In the face of many failed IAM projects, it’s imperative for you to have a robust digital identity strategy.
This will help you secure your organisation against data breaches but can also be an effective guide to extracting the full benefits of your digital transformation journey. According to Bain & Company only five per cent of organisations achieved or exceeded their digital transformation objectives, don’t become a statistic.
Step 1 – Assess your business priorities
The reason why most IAM programs fail is due to lack of alignment between the business and security team.
As a security leader, you need to create this alignment. This happens when there is an understanding of the businesses strategic objectives and organisational priorities that have been identified by all business leaders.
This alignment will ensure significant buy-in and support from the business but will also dramatically increase your chances of success in deploying this strategy.
Step 2 – It’s time to audit yourself
The prevailing approach to all kinds of audits is heavily reactive. This makes audit season a dreadful time full of surprises and upsets.
The most successful organisations, however, are self-aware and continuously audit themselves. We consider this as best practise as it ensures full visibility of your strengths and weaknesses, supports a complete digital identity strategy and helps you control the narrative when audit season comes.
A lack of self-awareness is what brings audit surprises and misalignment between your digital identity strategy and the actualities of your technology environment.
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Step 3 – align between security and operations
The challenge is in the difference of priorities, between the operations team and the security team. While operations are mostly concerned with Availability, security is responsible for bringing the other two pillars of Confidentiality and Integrity to the table. Often times security and operations end up competing for limited resources and attention.
As a security leader, you must ensure that you align your security goals with operations to complete the triad of Confidentiality, Integrity and Availability.
Step 4 – communicate your findings to exco
As you build your digital identity strategy it might be difficult to be honest with the executive team regarding the real findings of your audits.
If you have followed the steps above you should have a clear understanding of the strengths and weaknesses of your environment, business priorities as well as alignment and support with the operations team.
Communicating with senior stakeholders regularly is important. They’re not security experts often get anxious as they’re constantly bombarded with negative cyber news. For example the introduction of the European Union’s General Data Protection Regulation (GDPR) and its related fines.
Constant communication helps to ease this anxiety.
Digital identity principles can be difficult to understand for non-techies. It’s important to try and find everyday examples around the world that show the impact of identity technology such as the biometric cards offered by Mastercard. Mastercard successfully launched remote biometric enrolment which allows their customers to register their fingerprint onto their biometric Mastercard from home. In this case, not only did Mastercard introduce safety and security but also introduced convenience for their customers.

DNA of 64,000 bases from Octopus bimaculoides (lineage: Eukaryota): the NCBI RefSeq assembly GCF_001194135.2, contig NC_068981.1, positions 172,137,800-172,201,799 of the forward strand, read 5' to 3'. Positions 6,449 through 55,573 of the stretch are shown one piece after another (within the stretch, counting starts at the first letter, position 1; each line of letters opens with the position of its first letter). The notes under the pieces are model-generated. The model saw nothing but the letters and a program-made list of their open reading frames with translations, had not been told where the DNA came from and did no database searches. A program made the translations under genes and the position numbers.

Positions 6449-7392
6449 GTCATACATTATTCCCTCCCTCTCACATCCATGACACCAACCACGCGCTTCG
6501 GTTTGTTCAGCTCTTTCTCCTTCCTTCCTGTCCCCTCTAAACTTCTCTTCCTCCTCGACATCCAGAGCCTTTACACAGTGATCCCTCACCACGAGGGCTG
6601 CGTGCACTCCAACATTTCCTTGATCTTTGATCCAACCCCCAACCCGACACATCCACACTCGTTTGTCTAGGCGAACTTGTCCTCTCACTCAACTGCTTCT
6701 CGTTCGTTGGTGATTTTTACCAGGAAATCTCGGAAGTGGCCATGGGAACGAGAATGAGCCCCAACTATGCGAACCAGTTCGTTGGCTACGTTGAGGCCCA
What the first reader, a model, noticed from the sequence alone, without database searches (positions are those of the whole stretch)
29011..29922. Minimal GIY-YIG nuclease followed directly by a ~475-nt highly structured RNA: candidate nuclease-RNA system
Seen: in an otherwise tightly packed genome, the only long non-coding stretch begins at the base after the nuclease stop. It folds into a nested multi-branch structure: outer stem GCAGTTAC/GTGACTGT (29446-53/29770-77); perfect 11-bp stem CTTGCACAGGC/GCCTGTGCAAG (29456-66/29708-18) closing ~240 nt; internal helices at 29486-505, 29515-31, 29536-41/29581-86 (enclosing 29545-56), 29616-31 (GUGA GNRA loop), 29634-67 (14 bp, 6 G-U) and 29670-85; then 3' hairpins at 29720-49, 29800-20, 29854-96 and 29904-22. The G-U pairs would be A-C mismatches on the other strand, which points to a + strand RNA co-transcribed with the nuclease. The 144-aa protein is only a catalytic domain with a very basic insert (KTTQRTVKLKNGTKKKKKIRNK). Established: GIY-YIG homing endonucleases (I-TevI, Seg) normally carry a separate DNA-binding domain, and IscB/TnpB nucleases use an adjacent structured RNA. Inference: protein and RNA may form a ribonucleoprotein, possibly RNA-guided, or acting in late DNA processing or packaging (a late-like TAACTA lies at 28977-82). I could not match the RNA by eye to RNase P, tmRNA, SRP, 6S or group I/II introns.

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Step 5 – co-create a vision
Bringing your strategy to the board is the first step in getting business support for your digital identity strategy.
As security and digital transformation are already top of mind for most organisations, they will be open to listening to a clear plan.
Bringing your plan to the board allows you to get buy-in but most importantly you’re able to co-create a vision for the role of digital identities in achieving those organisational goals.
Step 6 – share the vision
A digital identity strategy that stems from a top-level vision is easier to share and gain organisation-wide support.
Sharing the vision with the rest of the business allows you to get that much needed input and support.
You need to share the benefits of convenience, efficiency and reliability that are offered by securing digital identities in supporting digital transformation.
Step 7 – get champions
The benefits of a complete identity strategy in are undeniable, but change is difficult.
Part of your strategy has to involve business champions who will evangelise your digital identity strategy to the rest of your organisation.
Generally these “early adopters” get it and will be more than willing to help you spread the message. It gets lonely being a CISO and the more evangelists you have on your side the better.
A part of your role will need to see you being proactive in identifying these champion’s and involving them in your strategy
You need to develop an IAM strategy that stands the test of time.
The rise of cyber-attacks across the globe requires you to develop a proactive approach to your security activities. If you follow the steps as outlined above you will surely be on your way to a safer and more secure organisation.
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